Fossicking among our collections often reaps intriguing rewards, as my colleague Dr Jan Strugnell from James Cook Uni and I have discovered
First found among our Australian Museum’s preserved specimen collections, a new species of pygmy squid from eastern Australia has just been described. Its discovery has led to other new insights into this intriguing family of tiny 'squids'.
Although not true 'squids' (though part of the large group of animals, called cephalopods, that include squids, cuttlefishes and octopuses), these tiny creatures coined their common name from their general squid-like appearance and tiny size. With adults in this group ranging up to about 2 cm in body length (excluding the head, arms and tentacles), these diminutive squids are the smallest cephalopods known.
They are found throughout the Indo-Pacific from Australia, through to Thailand and Japan as well as the Indian Ocean side of southern Africa. They inhabit seagrass and mangroves, to which they attach using an oval adhesive pad on the rear end of the upper, or dorsal side, of their bodies. This has led to coining of the name 'suckerbum squid' by one of our fishy colleagues (although, in reality, the squid 'bum' is actually positioned somewhere else entirely!). Like all cephalopods, they are carnivores and feed on other small passing prey, such as crustaceans and tiny fishes. In turn, they themselves make tasty snack for other larger animals.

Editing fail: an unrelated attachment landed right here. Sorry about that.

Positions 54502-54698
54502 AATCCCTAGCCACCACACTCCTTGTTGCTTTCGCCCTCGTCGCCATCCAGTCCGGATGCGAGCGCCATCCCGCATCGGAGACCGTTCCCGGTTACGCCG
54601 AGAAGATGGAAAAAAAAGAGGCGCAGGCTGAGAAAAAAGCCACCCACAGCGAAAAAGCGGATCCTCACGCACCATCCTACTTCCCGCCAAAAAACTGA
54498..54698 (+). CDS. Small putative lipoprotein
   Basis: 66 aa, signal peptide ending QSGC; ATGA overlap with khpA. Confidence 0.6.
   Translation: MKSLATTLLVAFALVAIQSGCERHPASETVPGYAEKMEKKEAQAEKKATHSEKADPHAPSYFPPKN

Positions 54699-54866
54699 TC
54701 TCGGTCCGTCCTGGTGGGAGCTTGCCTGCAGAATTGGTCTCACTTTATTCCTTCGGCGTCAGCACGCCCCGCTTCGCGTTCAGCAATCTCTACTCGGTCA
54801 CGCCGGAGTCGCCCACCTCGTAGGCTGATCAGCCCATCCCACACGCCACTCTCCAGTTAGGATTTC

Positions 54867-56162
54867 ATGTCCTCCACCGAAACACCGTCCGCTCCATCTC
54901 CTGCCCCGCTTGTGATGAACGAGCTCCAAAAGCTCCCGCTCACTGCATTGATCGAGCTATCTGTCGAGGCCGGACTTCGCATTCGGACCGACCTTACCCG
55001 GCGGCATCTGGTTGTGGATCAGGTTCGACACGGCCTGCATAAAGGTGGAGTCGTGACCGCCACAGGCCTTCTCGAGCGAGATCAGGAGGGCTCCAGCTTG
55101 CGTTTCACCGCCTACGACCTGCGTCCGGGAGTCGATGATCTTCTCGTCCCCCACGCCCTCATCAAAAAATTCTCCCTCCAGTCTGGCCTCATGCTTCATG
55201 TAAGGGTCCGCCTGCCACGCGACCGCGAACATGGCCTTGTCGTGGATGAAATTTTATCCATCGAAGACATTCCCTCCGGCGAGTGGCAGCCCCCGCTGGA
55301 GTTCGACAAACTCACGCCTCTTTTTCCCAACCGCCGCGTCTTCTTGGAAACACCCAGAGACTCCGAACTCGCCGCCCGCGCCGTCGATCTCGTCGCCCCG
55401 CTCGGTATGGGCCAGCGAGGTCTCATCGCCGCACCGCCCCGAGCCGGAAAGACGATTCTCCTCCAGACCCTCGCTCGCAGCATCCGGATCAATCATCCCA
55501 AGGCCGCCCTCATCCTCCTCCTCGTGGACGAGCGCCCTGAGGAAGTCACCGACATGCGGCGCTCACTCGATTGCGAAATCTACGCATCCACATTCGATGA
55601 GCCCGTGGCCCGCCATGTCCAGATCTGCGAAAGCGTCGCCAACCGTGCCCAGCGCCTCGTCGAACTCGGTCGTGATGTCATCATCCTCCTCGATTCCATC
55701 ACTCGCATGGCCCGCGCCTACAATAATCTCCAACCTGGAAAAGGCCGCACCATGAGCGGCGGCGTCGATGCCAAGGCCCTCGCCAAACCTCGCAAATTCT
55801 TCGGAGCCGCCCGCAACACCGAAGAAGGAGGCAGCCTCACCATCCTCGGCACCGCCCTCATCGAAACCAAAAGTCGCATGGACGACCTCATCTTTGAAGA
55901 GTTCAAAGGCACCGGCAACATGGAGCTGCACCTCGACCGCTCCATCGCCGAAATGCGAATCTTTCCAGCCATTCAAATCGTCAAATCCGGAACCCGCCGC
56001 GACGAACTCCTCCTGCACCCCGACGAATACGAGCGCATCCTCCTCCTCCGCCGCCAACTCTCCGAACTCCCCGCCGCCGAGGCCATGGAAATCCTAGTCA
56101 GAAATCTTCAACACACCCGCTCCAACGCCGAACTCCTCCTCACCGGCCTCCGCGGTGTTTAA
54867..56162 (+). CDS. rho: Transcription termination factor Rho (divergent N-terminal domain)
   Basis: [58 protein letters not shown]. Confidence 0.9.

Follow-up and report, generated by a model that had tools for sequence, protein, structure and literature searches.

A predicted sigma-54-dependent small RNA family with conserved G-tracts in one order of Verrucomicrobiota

While identifying some pygmy's among the AM collections, I found a species that didn't 'fit' based on its morphological features with those species already known from Australia. In addition, it was shown to occur with another species of pygmy squid throughout the southern part of its range and had been muddled with yet a third species from the north. This led to comparison of the new species with idiosepiids from other parts of the world and collection of fresh animals over its entire known Australian range (from Shoalwater Bay, Qld to Narooma, NSW) to enable Jan to compare their molecular sequences with those from elsewhere.
It has been named Idiosepius hallami, after my son Hallam (once himself small and cute) who has helped me collect specimens up and down the coast.
When comparing this new species with the previously known southern pygmy squid, Idiosepius notoides, it also became clear that I. notoides differs remarkably from all other known pygmy squid both in morphological and molecular traits and forms a distinct clade, or branch at the base of the evolutionary tree of pygmy squids. This has resulted in its placement in a new genus Xipholeptos, now only the second genus in the family.
Living where they do, among shallow-water seagrass and mangroves, pygmy squid live in one of the world's most threated ecosystems, so an increased understanding of these habitats and their associated fauna is of high importance.
Dr Mandy Reid
Collection Manager, Malacology
For more on the activities of AMRI, subscribe to our newsletter: